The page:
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Commodities
Falling oil prices aid coal miners
From the Financial Times of Mon, 15 Dec 2014 18:28:06 GMT

Falling oil prices and weakness in commodity currencies will provide a boost for struggling coal miners, according to the International Energy Agency, which expects global demand for the fuel to slow over the next five years.

The price of coal has continued to fall this year as demand has weakened and producers in Australia and Indonesia have increased output in an effort to push down unit costs.

Benchmark Australian thermal coal, which is used in power generation, has fallen 25 per cent to $61 a tonne, while metallurgical coal, a steelmaking ingredient, is down by more than 16 per cent.

Falling prices have raised hopes that struggling high cost operators would be forced to close unprofitable mines, reducing supplies and helping to balance the market. In a recent presentation Glencore estimated a quarter of the world’s seaborne thermal coal market was lossmaking.

But the IEA says the “price floor” provided by production costs had decreased significantly this year, in part due to external factors, helping miners withstand further ”economic pain”.

“The depreciation of local commodities in the main exporting countries has been significant and low oil prices also help, as oil represents a significant share of coal costs, especially in open pit operations,” said Keisuke Sadamori, director energy markets and security at the IEA.

Mr Sadamori was speaking at the release of the IEA’s medium term coal report. The Paris-based agency expects demand growth for coal will slow over the next five years as China, the biggest consumer of the fuel, takes steps to moderate its consumption.

It sees global demand growth for coal of 2.1 per cent a year until 2019, a slowdown from the annual growth rate of 3.3 per cent recorded between 2010 and 2013.

After two years of cost cutting and efficiency gains, many analysts assumed miners had run out ways to improve their competitive position in the market place. But the weakness of commodity currencies and oil prices has thrown them a lifeline and will lead to a further downward shift in the global “cost curve”, said Stefan Ljubisavljevic, analyst at Macquarie.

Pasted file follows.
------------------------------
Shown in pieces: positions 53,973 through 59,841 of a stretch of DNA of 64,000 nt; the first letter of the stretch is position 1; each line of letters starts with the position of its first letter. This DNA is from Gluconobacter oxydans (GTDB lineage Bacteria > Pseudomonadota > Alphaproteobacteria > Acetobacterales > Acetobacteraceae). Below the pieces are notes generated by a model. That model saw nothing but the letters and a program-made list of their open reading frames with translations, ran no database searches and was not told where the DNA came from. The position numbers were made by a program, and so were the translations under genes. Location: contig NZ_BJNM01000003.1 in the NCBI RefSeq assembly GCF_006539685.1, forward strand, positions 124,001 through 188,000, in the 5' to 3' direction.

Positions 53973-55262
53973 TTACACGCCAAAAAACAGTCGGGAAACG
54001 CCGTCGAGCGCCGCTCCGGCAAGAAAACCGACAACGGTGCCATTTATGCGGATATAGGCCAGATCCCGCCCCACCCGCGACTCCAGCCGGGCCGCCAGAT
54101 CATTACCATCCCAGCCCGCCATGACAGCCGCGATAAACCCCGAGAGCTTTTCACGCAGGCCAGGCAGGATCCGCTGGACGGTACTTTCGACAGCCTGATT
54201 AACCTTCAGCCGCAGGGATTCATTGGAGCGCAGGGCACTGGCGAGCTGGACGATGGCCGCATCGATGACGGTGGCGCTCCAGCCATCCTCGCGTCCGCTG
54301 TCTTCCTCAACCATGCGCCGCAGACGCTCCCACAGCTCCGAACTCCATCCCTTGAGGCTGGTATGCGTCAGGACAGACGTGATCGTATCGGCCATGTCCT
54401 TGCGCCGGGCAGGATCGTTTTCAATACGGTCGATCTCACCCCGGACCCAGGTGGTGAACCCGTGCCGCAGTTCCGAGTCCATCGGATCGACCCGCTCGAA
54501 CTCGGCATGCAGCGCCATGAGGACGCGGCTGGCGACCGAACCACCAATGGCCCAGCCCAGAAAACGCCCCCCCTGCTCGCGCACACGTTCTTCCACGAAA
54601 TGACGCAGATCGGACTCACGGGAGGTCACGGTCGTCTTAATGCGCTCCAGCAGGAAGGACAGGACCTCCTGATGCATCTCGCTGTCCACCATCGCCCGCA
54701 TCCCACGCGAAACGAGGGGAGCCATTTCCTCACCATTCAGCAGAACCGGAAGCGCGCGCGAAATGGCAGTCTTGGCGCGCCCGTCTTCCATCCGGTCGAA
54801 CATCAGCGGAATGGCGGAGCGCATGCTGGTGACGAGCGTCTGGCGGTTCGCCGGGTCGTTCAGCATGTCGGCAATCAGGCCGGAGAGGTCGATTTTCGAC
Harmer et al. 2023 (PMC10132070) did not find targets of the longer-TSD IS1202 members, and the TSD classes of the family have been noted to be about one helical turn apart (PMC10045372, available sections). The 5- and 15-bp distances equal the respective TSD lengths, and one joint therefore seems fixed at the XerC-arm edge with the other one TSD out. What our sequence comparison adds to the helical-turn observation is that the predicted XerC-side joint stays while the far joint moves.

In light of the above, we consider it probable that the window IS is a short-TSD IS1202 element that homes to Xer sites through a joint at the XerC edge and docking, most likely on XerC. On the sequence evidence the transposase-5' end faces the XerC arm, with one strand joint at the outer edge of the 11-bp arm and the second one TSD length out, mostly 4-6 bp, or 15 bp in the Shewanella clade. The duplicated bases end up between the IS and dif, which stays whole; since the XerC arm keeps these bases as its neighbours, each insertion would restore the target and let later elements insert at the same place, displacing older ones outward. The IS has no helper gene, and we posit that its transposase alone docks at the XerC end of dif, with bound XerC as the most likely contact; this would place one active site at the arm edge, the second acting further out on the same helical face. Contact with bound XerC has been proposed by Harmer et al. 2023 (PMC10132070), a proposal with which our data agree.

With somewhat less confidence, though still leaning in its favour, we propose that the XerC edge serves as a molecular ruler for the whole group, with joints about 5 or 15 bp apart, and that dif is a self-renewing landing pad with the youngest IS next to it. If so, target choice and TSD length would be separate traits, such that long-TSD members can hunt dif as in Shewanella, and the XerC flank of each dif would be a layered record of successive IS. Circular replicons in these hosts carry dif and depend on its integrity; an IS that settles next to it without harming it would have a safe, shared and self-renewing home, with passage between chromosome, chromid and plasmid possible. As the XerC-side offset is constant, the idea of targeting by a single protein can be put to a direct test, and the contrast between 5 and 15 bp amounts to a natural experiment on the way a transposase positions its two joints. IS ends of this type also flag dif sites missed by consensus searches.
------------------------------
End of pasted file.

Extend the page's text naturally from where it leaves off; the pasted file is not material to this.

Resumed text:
“People thought there wasn’t much more to go for, but that was before the oil price collapse,” said Mr Ljubisavljevic, who noted that Glencore, the world’s biggest supplier of seaborne thermal coal, revised its forecasts for the market last week.

In an investor presentation, Glencore forecast a balanced thermal market in 2015, as opposed to a 30m tonne deficit predicted by the group in September. It also sees a deficit of about 30m tonnes in 2016 and 50m in 2017, against previous forecasts of 50m and 80m tonnes.

In the seaborne thermal coal market, the IEA believes trade will grow 3.2 per cent a year until 2019, with India surpassing China as the biggest importer in five years.

“This development is primarily caused by a strong increase in thermal coal demand and domestic coal production that cannot keep pace,” the IEA said its report.

Laszlo Varro, the head of the gas, coal and power division of the IEA, said falling oil prices could hit demand for coal in Europe by making gas cheaper. If prices are low enough, gas can compete with coal in power generation.

Mr Varro said long term Russian gas contracts would fall next year because of their indexation to oil prices. “Typically they use a nine month moving average which means with oil prices starting to fall seriously from September [2014], Russian gas becomes really cheap [next year],” he said.

Mr Varro said liquefied natural gas [LNG] that had previously been re-exported from Europe would also remain in the region because of lower oil prices.

“Over the past three years Europe has been a net exporter of LNG . . . because it was profitable to ship the gas to Asia. But now Asian LNG prices [which are oil linked] have declined,” he said. “The LNG will stay in Europe and compete with coal,” he said.



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